Court again highlights ‘severe consequences’ of deliberately breaching freezing order, says expert – OUT-LAW.com

Posted June 19th, 2017 in freezing injunctions, injunctions, mental health, news, sentencing by sally

‘The High Court has again highlighted the “severe consequences” of deliberately breaching a freezing order, imposing a 12-month prison sentence on a woman who failed to comply with two deadlines and later lied to the court, an expert has said.’

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OUT-LAW.com, 19th June 2017

Source: www.out-law.com

Charlene Ashiru on Protecting Your Judgment: A New Tort of Asset-Stripping? – Littleton Chambers

‘Whilst it might be tempting as a Defendant company to dissipate assets to avoid Judgment debts, it is ill-advised and is unlikely to provide an easy escape.’

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Littleton Chambers, 16th May 2017

Source: www.littletonchambers.com

Notification Injunctions to Preserve Assets: an overview by Marc Delehanty – Littleton Chambers

Posted April 6th, 2017 in appeals, freezing injunctions, injunctions, news, notification by sally

‘A notification injunction is a variant of a conventional freezing injunction. Broadly speaking, it provides that the respondent cannot deal with or dispose of his assets without first providing advance notice of the proposed dealings to the applicant.’

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Littleton Chambers, 24th March 2017

Source: www.littletonchambers.com

Kazakhstan Kagazy plc and others v Zhunus and others – WLR Daily

Posted October 31st, 2016 in civil procedure rules, contribution, fraud, freezing injunctions, law reports by sally

Kazakhstan Kagazy plc and others v Zhunus and others [2016] EWCA Civ 1036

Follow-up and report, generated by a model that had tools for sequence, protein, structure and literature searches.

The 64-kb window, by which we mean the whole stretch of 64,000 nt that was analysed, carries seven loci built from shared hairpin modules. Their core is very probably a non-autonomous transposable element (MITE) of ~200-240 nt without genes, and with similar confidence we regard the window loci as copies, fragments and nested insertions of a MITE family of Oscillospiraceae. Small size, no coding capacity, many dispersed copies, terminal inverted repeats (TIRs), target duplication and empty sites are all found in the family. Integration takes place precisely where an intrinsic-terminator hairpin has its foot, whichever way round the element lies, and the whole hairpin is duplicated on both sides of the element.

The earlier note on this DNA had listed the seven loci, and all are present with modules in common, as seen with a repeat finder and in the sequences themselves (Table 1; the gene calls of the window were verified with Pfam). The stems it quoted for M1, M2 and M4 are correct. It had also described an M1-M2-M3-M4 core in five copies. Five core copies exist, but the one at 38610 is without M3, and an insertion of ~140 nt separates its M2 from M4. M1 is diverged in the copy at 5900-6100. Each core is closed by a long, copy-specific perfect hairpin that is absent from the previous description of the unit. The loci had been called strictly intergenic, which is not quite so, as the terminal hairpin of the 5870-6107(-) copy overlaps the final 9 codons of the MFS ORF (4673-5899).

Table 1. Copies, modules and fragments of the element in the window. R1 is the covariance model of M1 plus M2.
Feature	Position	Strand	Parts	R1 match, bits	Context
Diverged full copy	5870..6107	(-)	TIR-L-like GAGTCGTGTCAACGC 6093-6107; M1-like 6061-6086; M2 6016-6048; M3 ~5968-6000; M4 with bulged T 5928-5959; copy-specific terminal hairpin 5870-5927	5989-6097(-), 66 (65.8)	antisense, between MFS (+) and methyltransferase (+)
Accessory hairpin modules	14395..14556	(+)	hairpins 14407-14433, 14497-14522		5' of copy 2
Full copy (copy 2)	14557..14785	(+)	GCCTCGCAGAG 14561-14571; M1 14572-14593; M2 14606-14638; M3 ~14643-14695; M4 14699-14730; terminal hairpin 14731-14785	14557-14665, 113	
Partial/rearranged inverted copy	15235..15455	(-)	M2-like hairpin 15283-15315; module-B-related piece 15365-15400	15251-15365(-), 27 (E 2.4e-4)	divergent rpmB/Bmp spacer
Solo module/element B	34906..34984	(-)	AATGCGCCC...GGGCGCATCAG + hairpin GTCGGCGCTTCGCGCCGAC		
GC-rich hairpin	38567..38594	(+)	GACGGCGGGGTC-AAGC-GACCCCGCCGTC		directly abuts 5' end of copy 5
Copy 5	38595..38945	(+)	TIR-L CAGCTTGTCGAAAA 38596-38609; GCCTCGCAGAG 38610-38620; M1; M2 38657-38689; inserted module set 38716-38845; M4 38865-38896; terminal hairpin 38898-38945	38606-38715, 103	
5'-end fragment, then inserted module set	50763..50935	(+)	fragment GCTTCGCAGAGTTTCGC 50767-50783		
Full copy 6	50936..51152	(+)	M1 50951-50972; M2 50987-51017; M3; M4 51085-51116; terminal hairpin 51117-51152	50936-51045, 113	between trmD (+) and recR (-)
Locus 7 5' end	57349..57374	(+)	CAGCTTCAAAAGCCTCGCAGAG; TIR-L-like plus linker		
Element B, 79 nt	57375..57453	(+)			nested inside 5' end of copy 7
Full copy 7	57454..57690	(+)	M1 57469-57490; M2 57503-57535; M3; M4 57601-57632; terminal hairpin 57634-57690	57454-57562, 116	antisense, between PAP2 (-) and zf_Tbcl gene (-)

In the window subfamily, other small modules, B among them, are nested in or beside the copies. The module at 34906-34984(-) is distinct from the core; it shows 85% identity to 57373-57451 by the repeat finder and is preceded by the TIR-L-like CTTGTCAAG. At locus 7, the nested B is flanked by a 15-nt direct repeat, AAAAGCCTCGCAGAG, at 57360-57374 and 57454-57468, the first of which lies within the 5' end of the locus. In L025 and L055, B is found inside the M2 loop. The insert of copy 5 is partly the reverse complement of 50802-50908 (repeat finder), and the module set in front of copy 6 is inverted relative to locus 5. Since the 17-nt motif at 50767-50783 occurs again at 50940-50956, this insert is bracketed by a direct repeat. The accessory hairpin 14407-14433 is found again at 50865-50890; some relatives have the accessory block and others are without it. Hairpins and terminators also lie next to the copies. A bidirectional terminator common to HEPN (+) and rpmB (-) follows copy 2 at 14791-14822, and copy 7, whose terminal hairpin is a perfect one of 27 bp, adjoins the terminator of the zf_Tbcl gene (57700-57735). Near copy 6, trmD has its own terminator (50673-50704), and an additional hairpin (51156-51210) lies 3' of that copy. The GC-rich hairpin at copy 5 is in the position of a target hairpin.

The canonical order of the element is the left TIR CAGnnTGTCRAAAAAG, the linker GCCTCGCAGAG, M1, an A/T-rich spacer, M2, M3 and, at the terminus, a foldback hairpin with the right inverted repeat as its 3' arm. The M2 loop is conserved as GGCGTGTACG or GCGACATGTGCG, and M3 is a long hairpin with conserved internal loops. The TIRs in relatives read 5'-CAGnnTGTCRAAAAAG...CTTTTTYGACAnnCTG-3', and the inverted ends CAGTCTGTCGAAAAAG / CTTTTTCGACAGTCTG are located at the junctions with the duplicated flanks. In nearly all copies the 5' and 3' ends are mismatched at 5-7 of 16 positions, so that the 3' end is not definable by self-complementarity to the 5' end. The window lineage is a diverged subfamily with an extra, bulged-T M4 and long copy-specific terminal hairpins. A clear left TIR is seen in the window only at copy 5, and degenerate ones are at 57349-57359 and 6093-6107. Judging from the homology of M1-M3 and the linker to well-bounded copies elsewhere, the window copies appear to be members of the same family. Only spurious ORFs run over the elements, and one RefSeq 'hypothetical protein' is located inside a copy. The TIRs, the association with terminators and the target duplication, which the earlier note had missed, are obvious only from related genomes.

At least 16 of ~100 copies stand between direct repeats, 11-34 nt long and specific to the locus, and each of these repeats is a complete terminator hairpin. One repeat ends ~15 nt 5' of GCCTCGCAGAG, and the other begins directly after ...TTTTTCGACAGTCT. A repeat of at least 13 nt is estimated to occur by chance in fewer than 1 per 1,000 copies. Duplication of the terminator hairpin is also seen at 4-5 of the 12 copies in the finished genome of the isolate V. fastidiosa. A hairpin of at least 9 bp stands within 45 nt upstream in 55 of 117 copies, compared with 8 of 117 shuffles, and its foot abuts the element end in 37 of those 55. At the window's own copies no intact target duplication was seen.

‘The claimants were a group of companies. The first and second defendants had been, respectively, the chairman of the board and the chief executive officer of the first and second claimants. The third defendant had been the finance director of the second claimant. The claimants issued proceedings alleging, inter alia, that the defendants had dishonestly caused the claimant companies to enter into transactions in which large sums of money were paid to entities owned or controlled by the defendants and which had caused the claimants to incur substantial financial losses. All three defendants served defences denying fraud and dishonesty or that they had personally benefitted from the transactions. Subsequently, the first defendant reached a settlement of the claim against him with the claimants. The second and third defendants applied for permission pursuant to CPR r 20.6(2)(b) to bring a contribution claim against the first defendant, no such claim having been filed and served when they served their defence. The second defendant further sought a worldwide freezing order against the first defendant. The judge refused the applications, holding that (i) the claim for contribution was bound to fail because the draft contribution notice sought to be relied upon by the second and third defendants did not advance a case of actual fraud or wrongdoing by the first defendant and, following the their settlement agreement with the first defendant, no such case was being advanced by the claimants which the second and third defendants could adopt as an alternative to their primary position that they had acted honestly; and (ii) the court could only grant a freezing injunction once the applicant had an accrued cause of action, which, in the context of a claim for contribution, was once the contribution notice had been filed and served under CPR r 20.6(2).’

WLR Daily, 26th October 2016

Source: www.iclr.co.uk

Improperly obtained freezing order can prove costly, says expert – OUT-LAW.com

Posted August 31st, 2016 in damages, disclosure, freezing injunctions, injunctions, news by sally

‘A company that obtained a freezing injunction which prevented a businessman from investing his assets has been told it will have to pay “tens of millions of dollars” in damages by the High Court in London.’